"Anyway, we thought it was really an extraordinary opportunity to expose these buildings to the public, and that was what we did; the Conservation Department has set up four exhibitions. Curator Galia Bar-On gave these events the title Social Bauhaus, and the intention was really to address the Bauhaus' original purpose, to solve housing problems. In the architectural aspect, what sets Haifa apart from Tel Aviv, for example, and this is something I would really like to stress, is that Haifa has always been a mixed city, so the mutual influences we had here, alongside the influence of the British Mandate on both Jews and Arabs, have produced a very unique modern style, that is vastly different from that in Tel Aviv, and a lot more diverse. Tel Aviv has simple Bauhaus buildings, with the characteristic plaster and round balconies and pergolas, the stairwells with the thermometer windows... but in Haifa there is something different; richer architecture. The architectural collaborations between the Arab elite that lived in Haifa and the same Jewish architects who arrived here in the 1930s, gave rise to what we semi-ironically call 'Arab Bauhaus', because we have a collection of buildings that are modern, but done in stone finish, which is something very typical of Haifa.
"Many of these buildings are still standing, whether on the seamline between Jewish and Arab neighborhoods, at the Downtown area, or in French Carmel. Wonderful constructions, wonderful villas designed by those Jewish architects. Perhaps the most prominent example was the collaboration between architect Moshe Gerstel -who designed the iconic Talpiot Market building and the Arab elite. Gerstel came to Haifa from a very prosperous office in Bucharest, and for some reason clicked with the Arab elite. He started designing their homes, and after years won the contest for designing the Talpiot Market, and after that designed the old Carmel Hospital and then the Industrial House (Berma) and truly, the buildings designed by Gerstel for the Arab elite are an extraordinary thing.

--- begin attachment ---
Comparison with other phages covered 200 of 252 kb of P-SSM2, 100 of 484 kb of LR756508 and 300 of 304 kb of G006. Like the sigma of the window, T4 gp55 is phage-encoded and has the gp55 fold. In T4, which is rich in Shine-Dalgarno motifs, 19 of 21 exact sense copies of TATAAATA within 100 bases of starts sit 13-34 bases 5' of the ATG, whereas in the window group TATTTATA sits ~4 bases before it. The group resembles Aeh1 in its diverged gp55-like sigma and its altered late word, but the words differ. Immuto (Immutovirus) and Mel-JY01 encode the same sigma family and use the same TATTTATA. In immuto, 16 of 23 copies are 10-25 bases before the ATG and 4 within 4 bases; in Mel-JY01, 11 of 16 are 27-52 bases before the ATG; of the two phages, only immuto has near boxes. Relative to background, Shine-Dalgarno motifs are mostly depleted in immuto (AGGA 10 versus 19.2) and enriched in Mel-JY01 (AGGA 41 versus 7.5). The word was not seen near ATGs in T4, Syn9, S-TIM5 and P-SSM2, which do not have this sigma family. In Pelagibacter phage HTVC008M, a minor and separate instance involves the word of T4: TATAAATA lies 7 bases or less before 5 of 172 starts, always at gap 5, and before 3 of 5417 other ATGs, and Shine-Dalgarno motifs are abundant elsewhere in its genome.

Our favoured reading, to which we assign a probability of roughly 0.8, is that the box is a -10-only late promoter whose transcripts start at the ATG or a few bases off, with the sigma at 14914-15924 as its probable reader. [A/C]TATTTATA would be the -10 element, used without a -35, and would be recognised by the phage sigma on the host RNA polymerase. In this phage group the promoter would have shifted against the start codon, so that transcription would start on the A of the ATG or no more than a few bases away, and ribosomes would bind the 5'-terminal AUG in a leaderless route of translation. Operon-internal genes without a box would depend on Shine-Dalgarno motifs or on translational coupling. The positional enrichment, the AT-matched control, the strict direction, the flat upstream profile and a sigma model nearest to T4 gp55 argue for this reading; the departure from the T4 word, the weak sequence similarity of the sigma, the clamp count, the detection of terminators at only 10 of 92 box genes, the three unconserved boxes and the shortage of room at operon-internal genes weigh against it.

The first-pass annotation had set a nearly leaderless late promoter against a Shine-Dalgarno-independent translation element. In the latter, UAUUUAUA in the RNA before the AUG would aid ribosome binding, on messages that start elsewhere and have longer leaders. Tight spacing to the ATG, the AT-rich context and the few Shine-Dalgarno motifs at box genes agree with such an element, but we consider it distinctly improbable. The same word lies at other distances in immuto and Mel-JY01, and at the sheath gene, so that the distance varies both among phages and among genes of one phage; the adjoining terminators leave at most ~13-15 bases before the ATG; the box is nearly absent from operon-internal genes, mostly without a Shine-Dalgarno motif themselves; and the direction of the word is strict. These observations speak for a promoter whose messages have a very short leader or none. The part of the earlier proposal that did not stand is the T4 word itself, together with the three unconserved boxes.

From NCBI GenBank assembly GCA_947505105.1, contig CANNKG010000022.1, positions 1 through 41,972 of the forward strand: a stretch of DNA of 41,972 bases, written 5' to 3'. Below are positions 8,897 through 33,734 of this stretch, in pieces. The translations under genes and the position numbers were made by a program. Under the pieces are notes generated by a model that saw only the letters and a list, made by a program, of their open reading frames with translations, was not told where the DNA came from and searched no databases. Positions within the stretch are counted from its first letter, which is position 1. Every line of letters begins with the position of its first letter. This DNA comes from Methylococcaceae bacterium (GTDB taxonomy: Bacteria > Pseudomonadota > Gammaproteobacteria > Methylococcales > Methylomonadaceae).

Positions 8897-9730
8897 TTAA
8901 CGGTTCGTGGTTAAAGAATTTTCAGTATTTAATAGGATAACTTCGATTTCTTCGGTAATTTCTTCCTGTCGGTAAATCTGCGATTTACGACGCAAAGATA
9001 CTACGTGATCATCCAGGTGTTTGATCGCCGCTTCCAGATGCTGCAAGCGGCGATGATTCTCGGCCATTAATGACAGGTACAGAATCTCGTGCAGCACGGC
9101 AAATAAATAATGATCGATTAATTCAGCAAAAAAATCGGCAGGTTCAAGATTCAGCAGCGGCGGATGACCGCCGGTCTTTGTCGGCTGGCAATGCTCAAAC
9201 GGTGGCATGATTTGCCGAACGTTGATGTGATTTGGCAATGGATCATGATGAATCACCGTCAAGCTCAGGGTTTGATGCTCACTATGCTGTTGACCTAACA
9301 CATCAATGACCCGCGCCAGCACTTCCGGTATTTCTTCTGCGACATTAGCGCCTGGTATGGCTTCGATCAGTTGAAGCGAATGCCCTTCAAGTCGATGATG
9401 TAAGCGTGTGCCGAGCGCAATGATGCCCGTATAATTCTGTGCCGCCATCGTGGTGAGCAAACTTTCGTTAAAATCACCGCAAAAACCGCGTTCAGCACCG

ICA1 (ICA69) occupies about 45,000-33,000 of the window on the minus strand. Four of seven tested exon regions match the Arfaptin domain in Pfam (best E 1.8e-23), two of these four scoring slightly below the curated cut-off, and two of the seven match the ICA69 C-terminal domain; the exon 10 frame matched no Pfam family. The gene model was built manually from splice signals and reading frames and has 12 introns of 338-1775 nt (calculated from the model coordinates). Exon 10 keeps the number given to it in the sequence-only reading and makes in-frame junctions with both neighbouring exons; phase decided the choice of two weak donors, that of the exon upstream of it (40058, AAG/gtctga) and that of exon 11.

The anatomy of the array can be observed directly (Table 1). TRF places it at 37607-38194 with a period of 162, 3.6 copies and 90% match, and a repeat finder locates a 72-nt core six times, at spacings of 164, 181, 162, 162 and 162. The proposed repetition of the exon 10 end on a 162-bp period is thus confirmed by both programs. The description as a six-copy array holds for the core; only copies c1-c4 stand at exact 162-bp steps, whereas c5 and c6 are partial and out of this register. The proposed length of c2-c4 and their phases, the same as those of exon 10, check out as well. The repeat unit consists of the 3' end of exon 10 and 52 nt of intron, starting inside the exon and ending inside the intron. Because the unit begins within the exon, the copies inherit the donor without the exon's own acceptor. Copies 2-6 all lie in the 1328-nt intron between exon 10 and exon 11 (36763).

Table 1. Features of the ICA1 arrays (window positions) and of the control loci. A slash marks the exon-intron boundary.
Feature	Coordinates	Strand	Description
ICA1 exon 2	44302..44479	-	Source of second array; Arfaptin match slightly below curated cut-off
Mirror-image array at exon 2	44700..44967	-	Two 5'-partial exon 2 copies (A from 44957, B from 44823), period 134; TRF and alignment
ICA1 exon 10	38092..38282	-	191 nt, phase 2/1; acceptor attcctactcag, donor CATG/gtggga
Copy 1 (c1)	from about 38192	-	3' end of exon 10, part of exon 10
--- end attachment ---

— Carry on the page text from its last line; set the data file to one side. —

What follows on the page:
"In June, we set up an exhibition called 100X100, a view of a hundred Bauhaus buildings in Haifa on the Bauhaus 100th anniversary, in which we exposed all these wonderful treasures that exist in the city. It was a very successful event; thousands of people visited the spots, not only from Haifa, but even the locals were enchanted. In addition, we mildly restored the Talpiot Market building, where we held another exhibition, Haifa Erfurt-Shared Modernism. We took a group of students from the Bauhaus school in Weimar, found in both cities buildings with common lines, and the result was a lovely exhibition. In the foyer of the City's Engineering Administration building we opened an exhibition by German photographer Stephanie Klaus, with close-ups on Haifa Bauhaus; Very exciting.
Photo by Reuven Cohen
"All in all, the events were highly successful, and we got the impression that the local public is waiting for more such events. We will really endeavor to continue our efforts to reach as many citizens as possible, especially in Haifa - some of whom live in these buildings and are not even aware of their value - so that they will better appreciate and love their homes.